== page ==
Why rich mainlanders benefit from a gov’t property tax policy which made small flat prices skyrocket
In simple terms, the Hong Kong government’s meddling in the property market hasn’t delivered for low income earners
[Chief executive Leung Chun-ying] said Hong Kong’s housing shortage was caused by inadequate land supply and “external speculation and investment demand.”
The stamp duty measures had been helpful in curbing demand and the government would not ease them, he said.
—SCMP, December 9
That’s right, push the blame elsewhere. The problem with the property market is that we have too little land, which is God’s fault, and too much speculation by mainlanders, whom C.Y. dare not call mainlanders lest Beijing complain. He thus calls them “external”.
We shall leave God out of it, except to say that God has given us plenty of land. But if the government insists on wasting it with Disney Parks, Cyberports and vast land-hungry road transport projects to prop up a declining container port, then the object of blame lies no further than the closest mirror.
We shall also leave the ... ahem ... externals out of this as the record indicates that they, too, are not to blame.
The chart tells the story. The red line along the bottom represents the Rating and Valuation Department’s price index for flats with a floor area of 160 square metres or more, the luxury end of the market in other words.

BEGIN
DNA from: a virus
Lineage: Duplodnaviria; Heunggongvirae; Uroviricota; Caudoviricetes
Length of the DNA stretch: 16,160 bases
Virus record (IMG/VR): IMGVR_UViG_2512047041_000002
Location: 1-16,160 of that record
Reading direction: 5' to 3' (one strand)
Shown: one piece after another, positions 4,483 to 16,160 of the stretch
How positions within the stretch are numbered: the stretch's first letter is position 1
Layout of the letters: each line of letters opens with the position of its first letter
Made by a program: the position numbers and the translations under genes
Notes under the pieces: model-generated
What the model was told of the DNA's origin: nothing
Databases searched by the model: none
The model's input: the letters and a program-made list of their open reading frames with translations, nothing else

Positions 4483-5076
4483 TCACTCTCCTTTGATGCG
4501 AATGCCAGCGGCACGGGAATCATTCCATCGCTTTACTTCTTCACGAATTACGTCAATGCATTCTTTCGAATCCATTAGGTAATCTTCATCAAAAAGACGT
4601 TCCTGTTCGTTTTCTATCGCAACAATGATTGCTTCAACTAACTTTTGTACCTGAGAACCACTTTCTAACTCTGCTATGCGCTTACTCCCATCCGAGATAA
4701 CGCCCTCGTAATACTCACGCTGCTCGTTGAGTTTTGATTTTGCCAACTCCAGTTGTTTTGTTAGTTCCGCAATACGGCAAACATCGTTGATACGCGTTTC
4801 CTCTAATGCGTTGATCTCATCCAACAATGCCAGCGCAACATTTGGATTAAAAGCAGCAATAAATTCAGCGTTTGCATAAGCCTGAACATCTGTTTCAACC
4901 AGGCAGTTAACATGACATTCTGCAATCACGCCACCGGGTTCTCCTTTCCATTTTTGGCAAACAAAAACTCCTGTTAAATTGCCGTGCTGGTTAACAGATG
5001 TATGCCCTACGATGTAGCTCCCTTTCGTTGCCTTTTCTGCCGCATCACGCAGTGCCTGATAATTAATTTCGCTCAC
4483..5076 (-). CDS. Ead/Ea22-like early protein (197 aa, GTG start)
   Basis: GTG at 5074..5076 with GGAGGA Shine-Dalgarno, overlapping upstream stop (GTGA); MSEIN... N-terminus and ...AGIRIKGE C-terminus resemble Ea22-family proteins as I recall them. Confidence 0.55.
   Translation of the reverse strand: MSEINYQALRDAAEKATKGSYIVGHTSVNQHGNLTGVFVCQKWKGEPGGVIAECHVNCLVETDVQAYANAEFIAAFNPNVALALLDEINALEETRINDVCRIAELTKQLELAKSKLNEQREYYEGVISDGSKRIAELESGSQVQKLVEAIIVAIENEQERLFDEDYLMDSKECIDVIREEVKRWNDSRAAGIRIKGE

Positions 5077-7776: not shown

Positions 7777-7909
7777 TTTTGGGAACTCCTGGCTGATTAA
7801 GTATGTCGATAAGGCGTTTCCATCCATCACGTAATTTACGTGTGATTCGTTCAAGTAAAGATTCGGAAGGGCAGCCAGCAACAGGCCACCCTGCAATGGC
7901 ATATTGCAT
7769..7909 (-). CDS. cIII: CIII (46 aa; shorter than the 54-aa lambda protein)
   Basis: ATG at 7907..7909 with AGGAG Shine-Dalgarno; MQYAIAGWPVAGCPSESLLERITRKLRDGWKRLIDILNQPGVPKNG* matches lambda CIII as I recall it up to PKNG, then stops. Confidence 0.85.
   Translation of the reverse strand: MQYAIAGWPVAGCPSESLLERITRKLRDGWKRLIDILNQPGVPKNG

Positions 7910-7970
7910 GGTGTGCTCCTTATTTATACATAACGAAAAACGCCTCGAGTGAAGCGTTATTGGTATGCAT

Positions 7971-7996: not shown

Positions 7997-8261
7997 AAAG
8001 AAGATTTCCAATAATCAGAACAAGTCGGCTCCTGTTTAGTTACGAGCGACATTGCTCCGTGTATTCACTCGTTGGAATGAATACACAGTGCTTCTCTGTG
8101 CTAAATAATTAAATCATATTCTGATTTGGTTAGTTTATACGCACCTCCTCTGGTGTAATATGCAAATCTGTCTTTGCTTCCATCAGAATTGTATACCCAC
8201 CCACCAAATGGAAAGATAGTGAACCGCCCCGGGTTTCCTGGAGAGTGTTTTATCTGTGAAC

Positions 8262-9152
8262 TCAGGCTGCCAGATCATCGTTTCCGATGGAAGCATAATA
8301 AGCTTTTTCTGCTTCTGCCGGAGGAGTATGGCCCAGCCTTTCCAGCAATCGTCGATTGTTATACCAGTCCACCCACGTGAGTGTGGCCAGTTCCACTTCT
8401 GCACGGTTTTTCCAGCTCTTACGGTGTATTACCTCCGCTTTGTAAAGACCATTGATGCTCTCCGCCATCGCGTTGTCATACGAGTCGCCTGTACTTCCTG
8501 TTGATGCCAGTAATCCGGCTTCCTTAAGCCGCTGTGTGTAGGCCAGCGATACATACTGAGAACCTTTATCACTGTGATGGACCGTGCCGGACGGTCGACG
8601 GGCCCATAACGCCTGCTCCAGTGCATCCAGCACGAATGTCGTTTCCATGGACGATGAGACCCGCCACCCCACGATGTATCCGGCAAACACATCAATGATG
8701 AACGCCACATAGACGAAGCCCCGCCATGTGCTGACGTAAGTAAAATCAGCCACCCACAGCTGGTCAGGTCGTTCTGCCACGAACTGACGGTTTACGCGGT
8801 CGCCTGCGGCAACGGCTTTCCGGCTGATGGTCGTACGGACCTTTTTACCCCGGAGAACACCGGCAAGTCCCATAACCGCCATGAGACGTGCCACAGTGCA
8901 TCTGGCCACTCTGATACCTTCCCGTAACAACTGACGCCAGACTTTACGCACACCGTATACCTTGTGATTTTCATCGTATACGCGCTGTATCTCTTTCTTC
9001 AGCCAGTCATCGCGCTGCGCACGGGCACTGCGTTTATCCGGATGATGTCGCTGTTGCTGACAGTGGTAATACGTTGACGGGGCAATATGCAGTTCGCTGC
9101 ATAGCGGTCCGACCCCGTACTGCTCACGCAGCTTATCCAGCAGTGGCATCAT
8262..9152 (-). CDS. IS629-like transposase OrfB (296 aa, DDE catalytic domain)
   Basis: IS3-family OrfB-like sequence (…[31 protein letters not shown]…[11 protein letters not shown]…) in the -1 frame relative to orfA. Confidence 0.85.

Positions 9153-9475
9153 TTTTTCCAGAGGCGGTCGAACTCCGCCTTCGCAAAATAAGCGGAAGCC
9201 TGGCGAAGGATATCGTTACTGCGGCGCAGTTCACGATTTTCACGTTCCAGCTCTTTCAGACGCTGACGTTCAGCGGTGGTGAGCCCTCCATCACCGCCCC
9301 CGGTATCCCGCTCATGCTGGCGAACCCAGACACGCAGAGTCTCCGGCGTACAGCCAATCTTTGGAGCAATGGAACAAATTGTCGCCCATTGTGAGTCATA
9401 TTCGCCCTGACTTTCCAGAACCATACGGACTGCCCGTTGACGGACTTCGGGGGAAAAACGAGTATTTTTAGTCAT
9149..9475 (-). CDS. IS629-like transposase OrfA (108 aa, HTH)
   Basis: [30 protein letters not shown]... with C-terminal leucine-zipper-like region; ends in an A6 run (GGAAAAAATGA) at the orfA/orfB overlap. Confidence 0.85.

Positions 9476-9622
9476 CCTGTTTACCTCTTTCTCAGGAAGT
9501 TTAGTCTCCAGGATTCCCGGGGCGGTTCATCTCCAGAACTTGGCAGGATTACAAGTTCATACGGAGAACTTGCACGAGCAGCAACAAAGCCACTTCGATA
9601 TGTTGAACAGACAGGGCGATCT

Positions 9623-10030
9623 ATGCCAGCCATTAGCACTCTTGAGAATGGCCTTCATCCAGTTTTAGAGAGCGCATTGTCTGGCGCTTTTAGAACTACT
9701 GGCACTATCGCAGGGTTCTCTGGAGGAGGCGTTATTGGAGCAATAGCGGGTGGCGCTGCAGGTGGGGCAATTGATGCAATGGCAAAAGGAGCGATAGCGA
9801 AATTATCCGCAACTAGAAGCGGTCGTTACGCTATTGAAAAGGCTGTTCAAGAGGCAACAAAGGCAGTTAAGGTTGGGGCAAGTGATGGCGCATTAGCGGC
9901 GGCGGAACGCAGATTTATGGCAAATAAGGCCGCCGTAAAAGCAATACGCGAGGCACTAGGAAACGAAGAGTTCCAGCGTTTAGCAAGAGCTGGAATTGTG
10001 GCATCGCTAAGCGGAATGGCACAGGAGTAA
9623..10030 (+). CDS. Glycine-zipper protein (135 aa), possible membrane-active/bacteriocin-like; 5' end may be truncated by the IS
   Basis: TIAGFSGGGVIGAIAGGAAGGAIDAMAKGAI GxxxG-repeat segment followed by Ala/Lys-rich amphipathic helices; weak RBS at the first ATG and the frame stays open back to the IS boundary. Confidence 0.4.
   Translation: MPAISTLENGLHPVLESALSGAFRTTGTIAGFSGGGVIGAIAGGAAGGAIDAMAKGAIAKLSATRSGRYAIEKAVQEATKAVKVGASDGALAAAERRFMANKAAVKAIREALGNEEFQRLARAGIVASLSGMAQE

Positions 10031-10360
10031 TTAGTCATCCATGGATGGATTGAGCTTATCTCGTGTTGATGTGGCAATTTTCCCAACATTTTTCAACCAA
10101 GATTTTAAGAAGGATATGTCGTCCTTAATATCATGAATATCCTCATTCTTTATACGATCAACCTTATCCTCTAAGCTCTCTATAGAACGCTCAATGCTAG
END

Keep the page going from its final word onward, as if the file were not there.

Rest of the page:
I have based it here to a value of 100 for March, 2010, just before introduction of the first of the punitive stamp duties that the government adopted to discourage speculation and cool down the market.
The measures seem to have worked in this segment of the market. Home prices over the last three years in particular have risen by a compound annual rate of only 2 per cent, which is less than the overall consumer price index.
I actually think, however, that this dramatic slowdown was as much the result of the government eliminating property from qualifying investments for mainlanders moving to Hong Kong under the Capital Investment Entrance Scheme.
A rough extrapolation suggests that this change alone deprived this part of the market of at least HK$72 billion of investment that might permanently have moved into it over the last three years.
But never mind all the contributing reasons for this slowdown. The fact is that the luxury end of the market is where the ... ahem ... externals invest their money in Hong Kong property and it is a thoroughly cooled down market at the moment. There is no question of blame here. There is none to attach.
And now look at the blue line in the chart. It represents the price index for flats of less than 40 square metres. Prices in this segment of the market have gone ballistic, far more than doubling since punitive stamp duties were introduced, seemingly untroubled by them in the slightest.
Now don’t tell me that it is the routine practice of the... ahem ... externals to go poking around housing blocks in the New Territories, looking for odd shoebox flats to buy and flip. This is a Hong Kong market driven by Hong Kong people, mostly for direct occupancy.
The true story is quite simple. Low interest rates constitute by far the single biggest force driving up our home prices and punitive stamp duties have no influence on them at all.
What we have done with these stamp duties is clear the speculative interest out of the luxury end of the market, where external ownership is prominent, while letting low interest rates divert all the froth into the purely local low-income segment.
We have achieved the exact opposite of what we intended, hitting Hong Kong working people with a double whammy of high prices and insulting special taxes, while alleviating the stress on rich outsiders.
Well done, Mr Leung.